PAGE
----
Catholics view child sex abuse scandal as top issue
As the College of Cardinals prepares to elect a new pope, Roman Catholics view the child sexual abuse scandal as the greatest problem facing the church, a recent survey found.
A Pew Research Center survey conducted Feb. 28 to March 3 found that 34 percent of Catholic respondents named sexual abuse as the most important issue. That's nearly four times the second-most common response, a lack of credibility or trust, cited by 9 percent of surveyed Catholics.
“Just to know a priest would take advantage of a child is frightening,” Heather Bierer, 34, of West View said while on her way to noon Mass last week at St. Mary of Mercy Church, Downtown. Like the many Catholics surveyed nationally, she cited the sex abuse scandal as the church's most pressing problem.
Members of other faiths probably would have named it, too, said the Rev. Ronald Lengwin, spokesman for the Diocese of Pittsburgh.
“We'd like to put it behind us, but if people are still looking at it, we need to address it,” he said.
Pew Research Center, a subsidiary of Pew Charitable Trusts, polls the public about issues, attitudes and trends shaping America.
Lengwin and Jerry Zufelt, a spokesman for the Greensburg Diocese, questioned the size of the sample, only 184 Catholics.
That resulted in a margin of error of 8.2 percentage points for their responses, meaning an answer that draws 34 percent of Catholics could really range between 26 percent and 42 percent.
“Pew does great work, but this sample is so small and there's no indication of age or frequency of Mass attendance,” Zufelt said.
Nicholas Cafardi, former dean of the Duquesne University School of Law, said he was not surprised that the sex abuse scandal ranked first in the survey.
“Most of the cases today are old cases, but the reporting makes it seem that they're current,” he said.
Cafardi attributes a decline of cases in recent years to a zero-tolerance policy enacted by American bishops in Dallas in 2002. Under the policy, no priest with a credible charge of child sexual abuse may remain in the ministry, he said. Cafardi wrote about the issue in his book, “Before Dallas: The U.S. Bishops' Response to Clergy Sexual Abuse of Children.”
In accordance with that policy, Lengwin said the diocese last week wrote alumni of Serra Catholic High School in McKeesport when it learned that Kenneth Ghastin, a Franciscan brother who taught at Serra between 1983 and 1991, was alleged to have been involved in sexual abuse in Boston. Lengwin said there has never been any allegation against him here, but the diocese is awaiting a response from alumni.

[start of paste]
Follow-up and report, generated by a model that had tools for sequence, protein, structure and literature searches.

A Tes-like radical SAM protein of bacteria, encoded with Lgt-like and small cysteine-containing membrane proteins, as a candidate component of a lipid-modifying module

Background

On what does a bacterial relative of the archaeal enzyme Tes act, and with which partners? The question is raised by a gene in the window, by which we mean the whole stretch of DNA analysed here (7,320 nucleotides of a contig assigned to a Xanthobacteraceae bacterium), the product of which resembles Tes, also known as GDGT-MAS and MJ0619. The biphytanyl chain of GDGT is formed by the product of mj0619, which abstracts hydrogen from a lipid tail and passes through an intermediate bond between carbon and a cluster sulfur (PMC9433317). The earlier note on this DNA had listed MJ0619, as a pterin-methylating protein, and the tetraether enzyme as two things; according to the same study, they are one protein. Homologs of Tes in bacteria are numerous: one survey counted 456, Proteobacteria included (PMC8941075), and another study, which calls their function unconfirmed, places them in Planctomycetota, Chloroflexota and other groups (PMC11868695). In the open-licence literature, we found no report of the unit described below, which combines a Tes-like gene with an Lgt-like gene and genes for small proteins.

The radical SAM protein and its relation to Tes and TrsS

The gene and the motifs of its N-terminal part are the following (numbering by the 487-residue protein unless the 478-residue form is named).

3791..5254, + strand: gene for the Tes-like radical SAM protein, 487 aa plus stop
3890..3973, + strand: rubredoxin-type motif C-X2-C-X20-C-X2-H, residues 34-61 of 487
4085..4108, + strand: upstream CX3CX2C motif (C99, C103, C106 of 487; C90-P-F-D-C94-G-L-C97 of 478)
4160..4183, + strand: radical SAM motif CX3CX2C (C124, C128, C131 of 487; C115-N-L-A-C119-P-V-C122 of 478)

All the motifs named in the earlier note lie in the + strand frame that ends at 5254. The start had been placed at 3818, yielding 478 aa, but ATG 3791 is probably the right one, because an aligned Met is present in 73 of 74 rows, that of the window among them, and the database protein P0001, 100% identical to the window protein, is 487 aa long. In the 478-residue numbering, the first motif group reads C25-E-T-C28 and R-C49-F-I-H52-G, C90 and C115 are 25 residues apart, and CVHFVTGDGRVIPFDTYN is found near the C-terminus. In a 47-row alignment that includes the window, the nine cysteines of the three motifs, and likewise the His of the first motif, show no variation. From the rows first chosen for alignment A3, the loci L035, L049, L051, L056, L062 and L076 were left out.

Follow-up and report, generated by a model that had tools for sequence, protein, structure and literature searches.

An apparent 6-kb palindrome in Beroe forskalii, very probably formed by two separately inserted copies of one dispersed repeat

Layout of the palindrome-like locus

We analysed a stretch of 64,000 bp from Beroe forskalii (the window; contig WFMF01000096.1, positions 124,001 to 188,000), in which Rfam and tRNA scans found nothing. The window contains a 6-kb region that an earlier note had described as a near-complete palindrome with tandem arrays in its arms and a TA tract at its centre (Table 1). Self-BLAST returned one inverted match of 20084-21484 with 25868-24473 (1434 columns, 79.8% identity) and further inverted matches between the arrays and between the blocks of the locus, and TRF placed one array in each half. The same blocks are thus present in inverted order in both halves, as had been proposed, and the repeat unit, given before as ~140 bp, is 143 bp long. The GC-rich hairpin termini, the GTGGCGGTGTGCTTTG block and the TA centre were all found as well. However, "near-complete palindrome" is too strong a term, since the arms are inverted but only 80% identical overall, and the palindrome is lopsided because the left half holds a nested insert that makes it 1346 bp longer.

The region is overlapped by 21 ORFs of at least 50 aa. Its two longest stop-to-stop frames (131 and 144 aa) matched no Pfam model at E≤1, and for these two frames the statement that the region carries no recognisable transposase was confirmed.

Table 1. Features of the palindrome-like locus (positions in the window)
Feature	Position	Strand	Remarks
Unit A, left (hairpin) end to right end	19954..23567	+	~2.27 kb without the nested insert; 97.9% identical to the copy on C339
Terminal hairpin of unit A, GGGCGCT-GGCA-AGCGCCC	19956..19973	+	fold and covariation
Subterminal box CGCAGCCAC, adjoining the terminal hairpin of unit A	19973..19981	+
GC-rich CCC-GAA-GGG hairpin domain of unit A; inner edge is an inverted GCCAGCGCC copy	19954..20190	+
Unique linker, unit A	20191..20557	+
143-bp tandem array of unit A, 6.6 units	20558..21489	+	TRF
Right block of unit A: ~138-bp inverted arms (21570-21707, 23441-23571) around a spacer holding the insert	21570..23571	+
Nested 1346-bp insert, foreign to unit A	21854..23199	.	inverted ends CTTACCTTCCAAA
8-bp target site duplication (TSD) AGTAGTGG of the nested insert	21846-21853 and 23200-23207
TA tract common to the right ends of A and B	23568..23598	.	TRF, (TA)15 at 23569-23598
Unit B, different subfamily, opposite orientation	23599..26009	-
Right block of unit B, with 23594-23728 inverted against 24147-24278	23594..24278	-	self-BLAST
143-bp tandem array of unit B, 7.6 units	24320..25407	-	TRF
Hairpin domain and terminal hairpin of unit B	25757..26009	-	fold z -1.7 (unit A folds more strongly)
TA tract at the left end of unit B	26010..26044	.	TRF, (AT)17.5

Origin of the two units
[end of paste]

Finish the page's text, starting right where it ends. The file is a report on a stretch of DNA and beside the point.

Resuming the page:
The survey cited two issues as tying for third place: the church's being outdated and low attendance at Mass or a loss of followers. The lack of a pope was named the fifth biggest issue at 5 percent.
P.J. Malloy, 34, of Baldwin said the need to get Catholics to believe in their faith is paramount.
“It seems a lot of people gave up too early,” he said.
Joe Kerker, 35, of Steubenville, Ohio, also cited a decline in faith.
“We need more people who know what the Church teaches,” he said.
Bill Zlatos is a staff writer for Trib Total Media. He can be reached at 412-320-7828 or firstname.lastname@example.org.
Show commenting policy
TribLive commenting policy
You are solely responsible for your comments and by using TribLive.com you agree to our Terms of Service.
We moderate comments. Our goal is to provide substantive commentary for a general readership. By screening submissions, we provide a space where readers can share intelligent and informed commentary that enhances the quality of our news and information.
While most comments will be posted if they are on-topic and not abusive, moderating decisions are subjective. We will make them as carefully and consistently as we can. Because of the volume of reader comments, we cannot review individual moderation decisions with readers.
We value thoughtful comments representing a range of views that make their point quickly and politely. We make an effort to protect discussions from repeated comments either by the same reader or different readers.
We follow the same standards for taste as the daily newspaper. A few things we won't tolerate: personal attacks, obscenity, vulgarity, profanity (including expletives and letters followed by dashes), commercial promotion, impersonations, incoherence, proselytizing and SHOUTING. Don't include URLs to Web sites.
We do not edit comments. They are either approved or deleted. We reserve the right to edit a comment that is quoted or excerpted in an article. In this case, we may fix spelling and punctuation.
We welcome strong opinions and criticism of our work, but we don't want comments to become bogged down with discussions of our policies and we will moderate accordingly.
We appreciate it when readers and people quoted in articles or blog posts point out errors of fact or emphasis and will investigate all assertions. But these suggestions should be sent via e-mail. To avoid distracting other readers, we won't publish comments that suggest a correction. Instead, corrections will be made in a blog post or in an article.
- Fallout from child protection law felt in Pa. churches, libraries, fields
- Lawrence power plant being converted to gas from coal
- 2001 same-sex union recognized despite partner’s death
- Evidence for charge not found in Pa. case
- Medical pot has advocate in Pennsylvania House
- Technology races ahead of Pennsylvania wiretap law
- Probe continues in fatal shooting in Sharon hospital parking lot
- Teen could spend 10 years in prison for role in injuring Ohio teacher